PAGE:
The Many Wines from Italy’s Boot

Italy is big into wine. And the numbers testify to that: somewhere around 900 Italian grape varieties are grown in 1,949,000 acres of vineyards in the 20 wine regions. In 2018, 1,447,663 gallons of wine were produced or approximately 7,306,666 bottles.

They also have the biggest classification system with each regions’ own rules about which grapes can used, how much alcohol, how long it must be aged, what place name can be on the label and much more.

The first Italian system of classification was launched in 1963. Since then, modifications were made and grapes were added. The last modification in 2010 conforms with European Union wine regulations.

Many Italian wines are blends of three or more grape varieties and this is strictly regulated for IGP, DOC or DOCG wine. Traditionally, Chianti, a DOC or DOCG wine, from the Tuscany region was a blend of Sangiovese with a small percentage of Canaiolo Nero, Mammolo and Colorino and white grapes Trebbiano Toscano and Malvasia.

That has been updated. Chianti no longer has to add white grapes and now are able to grow and add – in small percentages – non-traditional grapes such as Cabernet and Merlot.

One limitation still held onto is grape names on the label. When a grape name is listed on the label, it is followed by a “di” or “della” and then the place name. For instance, Barbera d’Asti, Brunello di Montalcino, Fiano di Avellino, Montepulciano d’Abruzzo and Morellino di Scansano.

To further complicate matters, blends of grapes are also listed with a place name. That’s because everyone in Italy knows what grapes are allowed to grow in a particular region. Amarone (a style) della Valpolicella (an appellation) is probably the most famous blend made with the dried grapes of Corvina, Molinara and Rondinella.

There is also Ripasso (style) della Valpolicella which is a fermentation process that passes the wine over the pomace of Recioto (style) della Valpolicella. The Recioto is a sweet, unctuous dessert wine made from very ripe and then dried grapes.

I’m telling you this because I needed to refresh my memory about Italian wines and share some recently great, affordable Italian wines I’ve enjoyed. The one that began this quest was new to me – Otto Bucce, a DOC Rosso from Piedmonte.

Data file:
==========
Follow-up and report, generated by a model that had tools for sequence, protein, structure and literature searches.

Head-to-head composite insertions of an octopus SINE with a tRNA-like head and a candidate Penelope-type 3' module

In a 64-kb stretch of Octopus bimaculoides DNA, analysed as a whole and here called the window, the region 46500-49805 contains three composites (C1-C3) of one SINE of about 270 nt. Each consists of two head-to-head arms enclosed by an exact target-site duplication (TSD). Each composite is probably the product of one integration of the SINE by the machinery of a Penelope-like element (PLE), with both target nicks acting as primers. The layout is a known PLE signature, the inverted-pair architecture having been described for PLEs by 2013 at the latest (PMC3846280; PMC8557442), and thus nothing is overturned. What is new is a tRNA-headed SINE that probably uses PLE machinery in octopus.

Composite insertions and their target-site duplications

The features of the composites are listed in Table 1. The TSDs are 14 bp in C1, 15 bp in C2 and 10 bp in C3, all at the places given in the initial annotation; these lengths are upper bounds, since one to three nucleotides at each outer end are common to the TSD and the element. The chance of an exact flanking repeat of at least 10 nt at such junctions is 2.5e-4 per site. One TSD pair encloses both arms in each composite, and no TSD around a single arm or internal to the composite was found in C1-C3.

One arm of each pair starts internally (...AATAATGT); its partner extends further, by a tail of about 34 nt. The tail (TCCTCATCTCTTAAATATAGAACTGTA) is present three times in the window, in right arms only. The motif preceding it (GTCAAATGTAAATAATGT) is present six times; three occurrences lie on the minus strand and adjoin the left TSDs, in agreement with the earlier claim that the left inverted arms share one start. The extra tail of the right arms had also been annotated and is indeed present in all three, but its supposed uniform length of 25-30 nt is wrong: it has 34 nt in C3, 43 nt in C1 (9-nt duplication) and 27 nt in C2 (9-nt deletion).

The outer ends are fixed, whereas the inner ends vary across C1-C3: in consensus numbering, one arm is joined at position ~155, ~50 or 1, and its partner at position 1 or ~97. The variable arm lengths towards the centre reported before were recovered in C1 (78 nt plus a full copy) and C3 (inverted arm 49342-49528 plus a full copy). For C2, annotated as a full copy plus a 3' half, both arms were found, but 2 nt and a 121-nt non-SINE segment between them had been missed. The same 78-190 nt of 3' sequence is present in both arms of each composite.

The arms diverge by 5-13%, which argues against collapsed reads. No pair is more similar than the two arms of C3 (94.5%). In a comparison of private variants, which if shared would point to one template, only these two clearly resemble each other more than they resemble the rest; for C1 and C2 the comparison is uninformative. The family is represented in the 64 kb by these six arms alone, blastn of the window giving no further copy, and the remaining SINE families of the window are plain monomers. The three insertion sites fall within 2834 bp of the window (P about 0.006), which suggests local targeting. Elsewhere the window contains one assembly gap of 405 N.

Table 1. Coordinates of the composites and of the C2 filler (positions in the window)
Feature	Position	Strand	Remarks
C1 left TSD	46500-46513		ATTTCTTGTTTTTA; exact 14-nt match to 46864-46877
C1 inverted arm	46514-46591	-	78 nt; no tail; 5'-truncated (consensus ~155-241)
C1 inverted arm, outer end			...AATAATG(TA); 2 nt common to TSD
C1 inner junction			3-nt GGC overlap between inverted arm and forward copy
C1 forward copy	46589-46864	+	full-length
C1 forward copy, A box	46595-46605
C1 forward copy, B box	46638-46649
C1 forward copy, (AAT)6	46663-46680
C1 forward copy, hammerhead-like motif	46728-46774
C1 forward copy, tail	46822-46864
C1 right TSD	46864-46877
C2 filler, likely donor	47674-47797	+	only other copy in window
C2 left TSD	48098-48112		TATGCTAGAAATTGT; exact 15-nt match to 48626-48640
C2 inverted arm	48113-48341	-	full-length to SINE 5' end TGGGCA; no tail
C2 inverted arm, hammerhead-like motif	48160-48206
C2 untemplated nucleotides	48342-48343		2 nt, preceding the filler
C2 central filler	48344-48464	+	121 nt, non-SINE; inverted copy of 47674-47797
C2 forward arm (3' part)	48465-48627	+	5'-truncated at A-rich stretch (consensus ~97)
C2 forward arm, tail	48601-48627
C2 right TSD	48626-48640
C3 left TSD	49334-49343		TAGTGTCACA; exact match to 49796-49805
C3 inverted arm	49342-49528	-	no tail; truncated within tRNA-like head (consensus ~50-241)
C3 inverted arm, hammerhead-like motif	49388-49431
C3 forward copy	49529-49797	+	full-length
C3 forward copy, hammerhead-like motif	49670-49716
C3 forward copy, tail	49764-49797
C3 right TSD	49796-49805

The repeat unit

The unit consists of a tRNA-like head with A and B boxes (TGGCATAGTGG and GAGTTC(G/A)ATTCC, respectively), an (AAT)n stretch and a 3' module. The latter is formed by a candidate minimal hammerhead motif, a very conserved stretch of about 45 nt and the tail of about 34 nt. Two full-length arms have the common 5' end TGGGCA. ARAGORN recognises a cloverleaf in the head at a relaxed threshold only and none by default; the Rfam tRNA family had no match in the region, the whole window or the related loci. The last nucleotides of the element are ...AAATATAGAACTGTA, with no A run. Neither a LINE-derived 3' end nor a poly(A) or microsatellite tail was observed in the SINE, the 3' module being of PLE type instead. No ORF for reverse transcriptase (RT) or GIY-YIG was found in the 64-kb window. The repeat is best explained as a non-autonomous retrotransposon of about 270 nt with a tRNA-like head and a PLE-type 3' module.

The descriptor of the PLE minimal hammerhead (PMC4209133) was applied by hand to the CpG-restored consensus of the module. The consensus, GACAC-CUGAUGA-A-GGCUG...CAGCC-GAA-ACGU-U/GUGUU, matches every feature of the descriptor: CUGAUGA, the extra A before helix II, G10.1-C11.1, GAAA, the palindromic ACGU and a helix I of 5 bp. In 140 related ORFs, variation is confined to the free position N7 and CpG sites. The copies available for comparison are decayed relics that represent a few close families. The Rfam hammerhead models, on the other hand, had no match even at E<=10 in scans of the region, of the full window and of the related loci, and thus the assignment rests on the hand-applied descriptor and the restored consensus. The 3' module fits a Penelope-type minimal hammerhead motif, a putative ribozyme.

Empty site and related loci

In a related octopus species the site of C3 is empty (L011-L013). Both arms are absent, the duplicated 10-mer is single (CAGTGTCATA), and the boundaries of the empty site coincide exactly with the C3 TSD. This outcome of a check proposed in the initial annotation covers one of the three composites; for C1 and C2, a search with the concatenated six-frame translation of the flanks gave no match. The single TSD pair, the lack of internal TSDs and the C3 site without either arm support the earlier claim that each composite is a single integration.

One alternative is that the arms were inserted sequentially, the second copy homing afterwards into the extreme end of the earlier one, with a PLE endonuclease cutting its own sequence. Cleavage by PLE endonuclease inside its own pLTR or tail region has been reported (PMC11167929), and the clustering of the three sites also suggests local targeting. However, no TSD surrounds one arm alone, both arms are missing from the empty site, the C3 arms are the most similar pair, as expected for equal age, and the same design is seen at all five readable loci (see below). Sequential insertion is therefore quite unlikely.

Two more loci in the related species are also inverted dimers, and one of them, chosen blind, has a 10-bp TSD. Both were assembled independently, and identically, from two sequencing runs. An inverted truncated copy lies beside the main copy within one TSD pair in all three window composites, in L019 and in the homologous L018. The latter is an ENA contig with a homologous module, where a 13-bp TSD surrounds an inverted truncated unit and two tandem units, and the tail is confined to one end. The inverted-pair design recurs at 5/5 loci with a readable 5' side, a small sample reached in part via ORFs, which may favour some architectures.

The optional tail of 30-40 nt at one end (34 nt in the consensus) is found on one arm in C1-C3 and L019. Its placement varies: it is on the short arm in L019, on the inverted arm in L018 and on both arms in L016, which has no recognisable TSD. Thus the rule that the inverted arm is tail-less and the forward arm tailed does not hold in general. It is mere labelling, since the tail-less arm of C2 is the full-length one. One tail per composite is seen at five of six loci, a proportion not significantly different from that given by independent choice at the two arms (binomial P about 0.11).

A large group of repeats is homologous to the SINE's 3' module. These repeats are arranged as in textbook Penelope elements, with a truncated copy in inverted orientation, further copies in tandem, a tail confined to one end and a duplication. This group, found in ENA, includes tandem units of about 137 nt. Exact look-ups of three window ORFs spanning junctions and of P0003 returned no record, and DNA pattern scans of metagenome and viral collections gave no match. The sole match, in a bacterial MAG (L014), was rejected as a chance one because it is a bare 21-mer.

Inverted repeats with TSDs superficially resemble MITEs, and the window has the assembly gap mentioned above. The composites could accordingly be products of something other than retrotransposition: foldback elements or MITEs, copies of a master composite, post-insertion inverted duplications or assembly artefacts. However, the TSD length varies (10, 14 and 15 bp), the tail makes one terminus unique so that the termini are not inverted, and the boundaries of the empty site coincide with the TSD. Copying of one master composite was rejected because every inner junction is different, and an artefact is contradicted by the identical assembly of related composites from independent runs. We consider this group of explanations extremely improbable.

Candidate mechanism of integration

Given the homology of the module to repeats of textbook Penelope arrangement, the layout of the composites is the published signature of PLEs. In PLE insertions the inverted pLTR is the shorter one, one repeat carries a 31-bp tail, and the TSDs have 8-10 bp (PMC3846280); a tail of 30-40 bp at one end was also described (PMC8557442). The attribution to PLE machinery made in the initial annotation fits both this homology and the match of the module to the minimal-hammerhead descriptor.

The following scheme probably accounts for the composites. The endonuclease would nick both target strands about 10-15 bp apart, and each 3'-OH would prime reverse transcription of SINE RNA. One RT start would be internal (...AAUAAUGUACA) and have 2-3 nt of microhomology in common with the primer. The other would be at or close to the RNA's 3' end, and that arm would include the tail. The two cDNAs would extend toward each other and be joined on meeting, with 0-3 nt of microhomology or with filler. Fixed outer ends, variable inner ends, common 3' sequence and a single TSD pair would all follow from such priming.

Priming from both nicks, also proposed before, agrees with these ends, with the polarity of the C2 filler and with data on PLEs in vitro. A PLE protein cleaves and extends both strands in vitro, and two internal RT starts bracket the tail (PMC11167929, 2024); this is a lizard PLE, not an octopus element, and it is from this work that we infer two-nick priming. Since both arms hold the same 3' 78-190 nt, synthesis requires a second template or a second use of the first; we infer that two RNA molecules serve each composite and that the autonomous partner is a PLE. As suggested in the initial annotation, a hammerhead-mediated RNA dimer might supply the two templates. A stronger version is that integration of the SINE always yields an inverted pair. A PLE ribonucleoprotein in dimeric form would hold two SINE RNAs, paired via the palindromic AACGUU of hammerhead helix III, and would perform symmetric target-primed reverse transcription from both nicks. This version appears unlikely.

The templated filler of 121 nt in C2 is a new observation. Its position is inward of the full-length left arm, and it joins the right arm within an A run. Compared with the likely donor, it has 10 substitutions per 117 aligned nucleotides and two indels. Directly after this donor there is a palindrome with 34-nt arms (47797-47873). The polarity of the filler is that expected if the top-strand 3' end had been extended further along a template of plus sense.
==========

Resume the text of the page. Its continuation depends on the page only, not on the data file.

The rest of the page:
In the Piedmonte, in northwestern Italy, Nebbiolo, Barbera, and Dolcetto are the notable red grapes. Less well known and very unique grape varieties are Brachetto, Bonarda Piemontese, Freisa and Albarossa.

The label of this rosso intrigued me with its bunch of red grapes and eight grape names – Dolcetto, Barbera, Bonarda Piedmonte, Merlot, Cabernet, Fresia, Albarossa and Syrah.

This name Otto (eight) Bucce (skins) underscores the unique blend of eight indigenous Piemontese and international grapes which all contribute to this brilliant ruby red with structure, character and a huge amount of fragrance. The wine spends 12 months in the traditional large barrels and ends in neutral French barrique for a smooth, balanced quaff to pair with your next plate of spaghetti.

One of my all-time favorite Italian grapes is Barbera. Barbera d’Asti is a DOCG that lies in the heart of Italy’s Piedmont region. The Lavignone Barbera d’Asti is a classic example. The wine is macerated for a week and then vinified entirely in stainless steel. This would account for the heavenly aromatics and bright flavors of cherries, violets and herbs. Soft tannins and a nice dose of acidity make this wine a favorite with any meal except breakfast.

The Apulia region is in southern Italy, the heel of the boot, and known for producing big reds from Primitivo, Negroamaro, Nero di Troia and Malvasia Nera grapes. Salice Salentino is a DOC of Puglia created in 1976. The area centers on the town of Salice on the Salento Peninsula.

The Marchese di Borgosole Salice Salentino Riserva DOC has a strong, dark, ruby ​​red color. The bouquet is of delicious, fruity berries with a fine nuance of tobacco and chocolate. On the palate it is smooth. A perfect and harmonious drinking pleasure with a crisp bite and a hint of bitterness for a long-lasting finish.

May your wine adventures lead to many bottles of Italian wine in your cellar.

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